Gov. Beshear: A Record 2,198 Kentuckians Hospitalized With COVID-19


Gov. Beshear: A Record 2,198 Kentuckians Hospitalized With COVID-19

More than 2.5 million Kentuckians have received at least one dose of a COVID-19 vaccine

FRANKFORT, Ky. (Aug. 30, 2021) – Today, Gov. Andy Beshear said a record 2,198 Kentuckians are hospitalized with COVID-19 and 56 new COVID-19 deaths were reported in just three days. Gov. Beshear reported a record number of new COVID-19 cases in one week, from Aug. 23 to 29: 29,456.

The Governor thanked Kentuckians who have stepped up to get vaccinated in recent weeks as the delta variant has surged, noting that more than 2.5 million Kentuckians have received at least their first dose of a COVID-19 vaccine.

“We continue to be hit harder and harder with this delta variant. We’re seeing it all across the United States, now reaching a daily average of more than 100,000 COVID-19 hospitalizations for the first time since the winter peak,” said Gov. Beshear. “This isn’t just people getting COVID; it’s them being sick enough to end up in the hospital.”

In August 2020, 11.8% of COVID-19 cases in Kentucky were among children and teens under 18; in August 2021, 24.5% of cases have been. As of Aug. 27, there have been 18,909 COVID cases this month in those under 18 compared to 2,352 in August 2020. At least 18 Kentucky school districts have already had at least one closure due to COVID-19 this school year.

From March 1 to Aug. 25, 90.6% of COVID-19 cases, 90.8% of COVID-19 hospitalizations and 87.1% of COVID-19 deaths in the commonwealth have been among partially vaccinated or unvaccinated Kentuckians.

Health care heroes and COVID-19 survivors urged their fellow Kentuckians to get vaccinated to protect themselves and the people they love.

“We are all overwhelmed at this time. To share our story at Baptist Health Corbin, this morning when we came in, we had a census of 175, all of our ICU beds, our PCU beds, our telemetry beds, our med surge beds are all full. We have no more capacity in those beds. We’ve made the decision to close our surgery department to allow us some extra space should it be needed and utilize that staff to take care of patients as well,” said Sherrie Mays, MSN, RN, vice president and chief nursing officer for Baptist Health Corbin. “The thing I would like to ask is, please get your vaccination. That’s the one thing you can do for our community. The other thing you can do for our community is pray for our patients, and pray for our staff and our physicians that they can be resilient during this pandemic and that we can get through it as quickly as possible.”

“In March 2020, I was one of the first people to contract COVID. Initially I thought it was just the flu, and I was hoping it was just the flu, but things progressed and I ended up comatose on a ventilator for three weeks,” said Dr. Jeffrey Foxx, who practices family medicine at Baptist Health Lexington. “When I got sick, we only had a few masks to protect us. We had limited PPE. We had limited testing. We had no idea how to treat the disease. We had no vaccines. But things have changed since then. We can mitigate the disease. We can protect ourselves. We can protect our family and friends. We can protect our co-workers. Get the vaccine.”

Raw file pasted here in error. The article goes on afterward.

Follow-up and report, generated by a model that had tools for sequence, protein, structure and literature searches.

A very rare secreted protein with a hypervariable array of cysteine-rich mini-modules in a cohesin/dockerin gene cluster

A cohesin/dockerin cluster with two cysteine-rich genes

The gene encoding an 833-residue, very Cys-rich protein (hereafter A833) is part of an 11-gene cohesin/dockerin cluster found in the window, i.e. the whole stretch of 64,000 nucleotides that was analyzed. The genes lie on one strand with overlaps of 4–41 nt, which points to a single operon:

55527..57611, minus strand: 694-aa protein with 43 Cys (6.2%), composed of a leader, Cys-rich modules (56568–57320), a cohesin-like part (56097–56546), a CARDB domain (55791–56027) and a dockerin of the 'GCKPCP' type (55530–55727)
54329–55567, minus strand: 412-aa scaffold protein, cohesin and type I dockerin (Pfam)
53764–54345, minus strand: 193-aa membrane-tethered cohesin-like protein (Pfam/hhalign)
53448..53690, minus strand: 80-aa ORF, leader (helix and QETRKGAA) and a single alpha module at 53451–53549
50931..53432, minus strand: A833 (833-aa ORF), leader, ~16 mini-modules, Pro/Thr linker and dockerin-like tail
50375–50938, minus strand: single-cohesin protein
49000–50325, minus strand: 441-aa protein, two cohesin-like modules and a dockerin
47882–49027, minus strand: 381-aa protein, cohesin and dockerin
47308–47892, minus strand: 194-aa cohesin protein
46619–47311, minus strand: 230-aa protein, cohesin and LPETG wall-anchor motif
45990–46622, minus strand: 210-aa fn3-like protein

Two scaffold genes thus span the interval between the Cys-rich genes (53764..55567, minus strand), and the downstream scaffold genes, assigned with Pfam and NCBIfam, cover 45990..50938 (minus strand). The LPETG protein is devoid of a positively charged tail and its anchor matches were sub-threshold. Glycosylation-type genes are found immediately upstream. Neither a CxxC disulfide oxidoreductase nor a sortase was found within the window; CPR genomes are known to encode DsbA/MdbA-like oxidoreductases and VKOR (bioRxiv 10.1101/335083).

“I was waiting for my turn for the vaccine in January, when in spite of our small circle and lots of care, my two kids, my husband and I tested positive for COVID-19. Within a couple of weeks, I was on a ventilator. I stayed in the hospital during that stay for over 100 days. I was sedated and missed my daughter’s 9th birthday, my son’s 4th birthday and my 17th wedding anniversary. I missed my mom’s birthday. I missed these major milestones,” said Lora Adkins of Pike County, a COVID-19 survivor who spent more than 70 days on a ventilator. “Now the vaccine is readily available and it’s a choice, but to me that choice is simple.”

“Working in the hospital system, you see the effects of COVID,” said Dennis Pitcock, PT, DPT, physical therapist at T.J. Regional Health. “We’ve had many patients that have come through and you can see how devastating the disease can be.”

“I had a rather long and difficult time with COVID. I was in the hospital a little over three-and-a-half months. A month of that time I was on the ventilator. Recovery was difficult, and if I could have avoided that, I definitely would have,” said Bill Kindred, former chief executive officer of T.J. Regional Health. “Getting the vaccine, if it can prevent going through what I did and what I put my family through, is a small price to pay.”

COVID-19 Case Information Update
Number of people who have received at least one vaccine dose in Kentucky: 2,524,083

New Cases Today: 2,619
Positivity Rate: 13.45% (record during time state has had adequate COVID-19 tests)
Current Hospitalizations: 2,198 (record)
Current Intensive Care Admittances: 615 (record)
Currently on Ventilators: 384 (record)

Gov. Beshear Takes Action to Assist Hospitals During Delta Variant Surge
Today, Gov. Beshear updated Kentuckians on actions his administration has taken to support hospitals during the COVID-19 delta variant surge that is straining health care systems across the state. Those actions include:

  • Deploying the Kentucky National Guard to support COVID-19 response efforts in hospitals;
  • Securing three FEMA emergency medical services (EMS) strike teams that arrived Friday to help with patient transports and patient care through Sept. 25;
  • Requesting two additional FEMA EMS strike teams to support areas with increased need for patient transport;
  • Providing COVID-19 testing assistance to some Kentucky hospitals; and
  • Sending nursing students to help staff area hospitals in need of support.